The TDF Theatre Dictionary Blog

Official news and announcements.

chewing.scenery

Welcome to the Theatre Dictionary’s conversation about the term chewing the scenery.

On chewing the scenery’s official page, we define the term as “to overact or act in a way that is distracting.” But now we want to know what the term chewing the scenery means to you. You can use the comments section to tell us.

– Have you ever seen a famous actor ham it up on stage? Who was it and what did he or she do?

– Are there any well-known stage roles that you think call for an actor to chew the scenery? What are they?

– If you’re a performer, did you ever give a performance that you think was too over-the-top? What part did you play and what do you wish you’d done differently?

If you’d like to make a video of your own about the term chewing the scenery, then we’d love to hear from you! Just email us through our contact page. Tell us about yourself and why you want to make a video. We’ll be in touch ASAP and give you details on how to add your video to the Theatre Dictionary!

Cheers,

Mark Blankenship, Theatre Dictionary editor

Off Book

Welcome to the Theatre Dictionary’s conversation about the term off-book.

On off-book’s official page, we define the term as “having memorized all your lines in a script, and also knowing your cues for when to say them.” But now we want to know what the term off-book means to you. You can use the comments section to tell us.

– Do you have any tricks for memorizing lines?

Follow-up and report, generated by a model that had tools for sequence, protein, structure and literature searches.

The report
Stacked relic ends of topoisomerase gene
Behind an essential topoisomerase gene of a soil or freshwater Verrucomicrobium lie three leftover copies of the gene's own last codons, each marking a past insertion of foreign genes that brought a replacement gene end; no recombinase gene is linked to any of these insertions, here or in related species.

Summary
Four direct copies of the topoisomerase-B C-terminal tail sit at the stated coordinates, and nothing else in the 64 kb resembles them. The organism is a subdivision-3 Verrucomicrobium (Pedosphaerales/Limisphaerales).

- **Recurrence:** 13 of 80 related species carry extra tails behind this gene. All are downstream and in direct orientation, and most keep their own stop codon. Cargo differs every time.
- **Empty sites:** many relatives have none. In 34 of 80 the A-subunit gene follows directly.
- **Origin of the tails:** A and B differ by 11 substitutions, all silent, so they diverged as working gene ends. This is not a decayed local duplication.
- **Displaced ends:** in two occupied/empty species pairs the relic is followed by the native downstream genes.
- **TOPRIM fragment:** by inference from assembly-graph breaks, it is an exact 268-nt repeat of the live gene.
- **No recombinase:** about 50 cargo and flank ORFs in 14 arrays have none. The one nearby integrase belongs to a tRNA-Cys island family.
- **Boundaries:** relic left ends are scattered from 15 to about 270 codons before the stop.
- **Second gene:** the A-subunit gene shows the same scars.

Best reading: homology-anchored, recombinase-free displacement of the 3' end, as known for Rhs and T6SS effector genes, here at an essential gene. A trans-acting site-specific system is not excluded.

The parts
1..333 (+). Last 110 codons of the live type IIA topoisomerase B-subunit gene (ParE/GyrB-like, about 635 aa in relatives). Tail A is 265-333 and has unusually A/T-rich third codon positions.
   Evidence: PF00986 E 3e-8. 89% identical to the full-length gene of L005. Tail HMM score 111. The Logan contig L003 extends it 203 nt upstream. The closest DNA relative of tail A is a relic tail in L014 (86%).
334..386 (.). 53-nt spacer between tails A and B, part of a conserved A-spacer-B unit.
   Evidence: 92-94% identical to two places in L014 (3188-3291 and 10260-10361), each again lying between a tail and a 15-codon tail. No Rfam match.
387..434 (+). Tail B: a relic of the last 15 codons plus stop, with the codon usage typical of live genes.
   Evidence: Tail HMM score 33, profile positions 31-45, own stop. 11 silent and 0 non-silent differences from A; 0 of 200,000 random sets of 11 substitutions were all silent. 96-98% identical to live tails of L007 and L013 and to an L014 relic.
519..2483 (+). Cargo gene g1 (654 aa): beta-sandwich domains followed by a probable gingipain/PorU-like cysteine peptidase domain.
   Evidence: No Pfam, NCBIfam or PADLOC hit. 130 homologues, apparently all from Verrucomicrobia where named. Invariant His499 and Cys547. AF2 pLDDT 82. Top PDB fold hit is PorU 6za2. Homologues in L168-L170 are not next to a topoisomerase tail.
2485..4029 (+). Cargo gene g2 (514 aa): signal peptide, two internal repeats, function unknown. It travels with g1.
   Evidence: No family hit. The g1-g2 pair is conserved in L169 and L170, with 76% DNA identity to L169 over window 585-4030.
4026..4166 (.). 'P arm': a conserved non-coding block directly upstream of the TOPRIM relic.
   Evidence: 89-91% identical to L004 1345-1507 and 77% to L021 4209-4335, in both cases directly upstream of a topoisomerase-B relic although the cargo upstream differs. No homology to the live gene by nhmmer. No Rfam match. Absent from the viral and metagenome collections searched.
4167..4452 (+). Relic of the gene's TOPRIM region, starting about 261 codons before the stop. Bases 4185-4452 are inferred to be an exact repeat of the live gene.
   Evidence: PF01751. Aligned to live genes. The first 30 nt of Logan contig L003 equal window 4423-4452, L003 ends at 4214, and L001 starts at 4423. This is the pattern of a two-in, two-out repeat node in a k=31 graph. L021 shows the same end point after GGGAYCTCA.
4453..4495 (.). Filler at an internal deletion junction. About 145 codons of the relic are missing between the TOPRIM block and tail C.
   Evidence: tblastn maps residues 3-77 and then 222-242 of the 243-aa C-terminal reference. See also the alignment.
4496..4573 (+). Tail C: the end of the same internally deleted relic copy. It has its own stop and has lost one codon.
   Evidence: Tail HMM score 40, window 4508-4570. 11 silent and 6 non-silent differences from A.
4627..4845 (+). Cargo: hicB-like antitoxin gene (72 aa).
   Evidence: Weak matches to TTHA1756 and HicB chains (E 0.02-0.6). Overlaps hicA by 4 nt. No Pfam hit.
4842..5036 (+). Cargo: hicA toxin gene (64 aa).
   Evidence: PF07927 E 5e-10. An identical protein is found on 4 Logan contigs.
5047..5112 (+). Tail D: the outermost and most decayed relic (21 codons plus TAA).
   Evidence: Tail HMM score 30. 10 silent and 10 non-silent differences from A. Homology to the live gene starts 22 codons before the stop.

– Did you ever think you were off-book only to find that the slightest distraction caused you to forget your lines?

– Have you ever seen a professional actor go up on his or her lines? What happened and how did the performer recover?

If you’d like to make a video of your own about the term off-book, then we’d love to hear from you! Just email us through our contact page. Tell us about yourself and why you want to make a video. We’ll be in touch ASAP and give you details on how to add your video to the Theatre Dictionary!

Cheers,

Mark Blankenship, Theatre Dictionary editor

break.leg

Welcome to the Theatre Dictionary’s conversation about the term break a leg.

On break a leg’s official page, we define the term as “theatre slang for good luck” since actually saying “good luck” is considered unlucky. But now we want to know what the term break a leg means to you. You can use the comments section to tell us.

– Has anyone ever wished you “good luck” before a performance? Did anything bad happen during the show and if so, what?

– Break a leg isn’t the only way to wish someone a good show. Has anyone ever told you “merde” or another foreign curse?

– I once saw a performer actually break her leg onstage in a student production of Brecht’s Caucasian Chalk Circle. Have you ever seen a performer get injured during a show? What exactly happened?

If you’d like to make a video of your own about the term break a leg, then we’d love to hear from you! Just email us through our contact page. Tell us about yourself and why you want to make a video. We’ll be in touch ASAP and give you details on how to add your video to the Theatre Dictionary!

Cheers,

Mark Blankenship, Theatre Dictionary editor

callback

Welcome to the Theatre Dictionary’s conversation about the term callback.

On callback’s official page, we define the term as “a followup audition where an actor gets another chance to impress and, hopefully, land a role.” But now we want to know what the term callback means to you. You can use the comments section to tell us.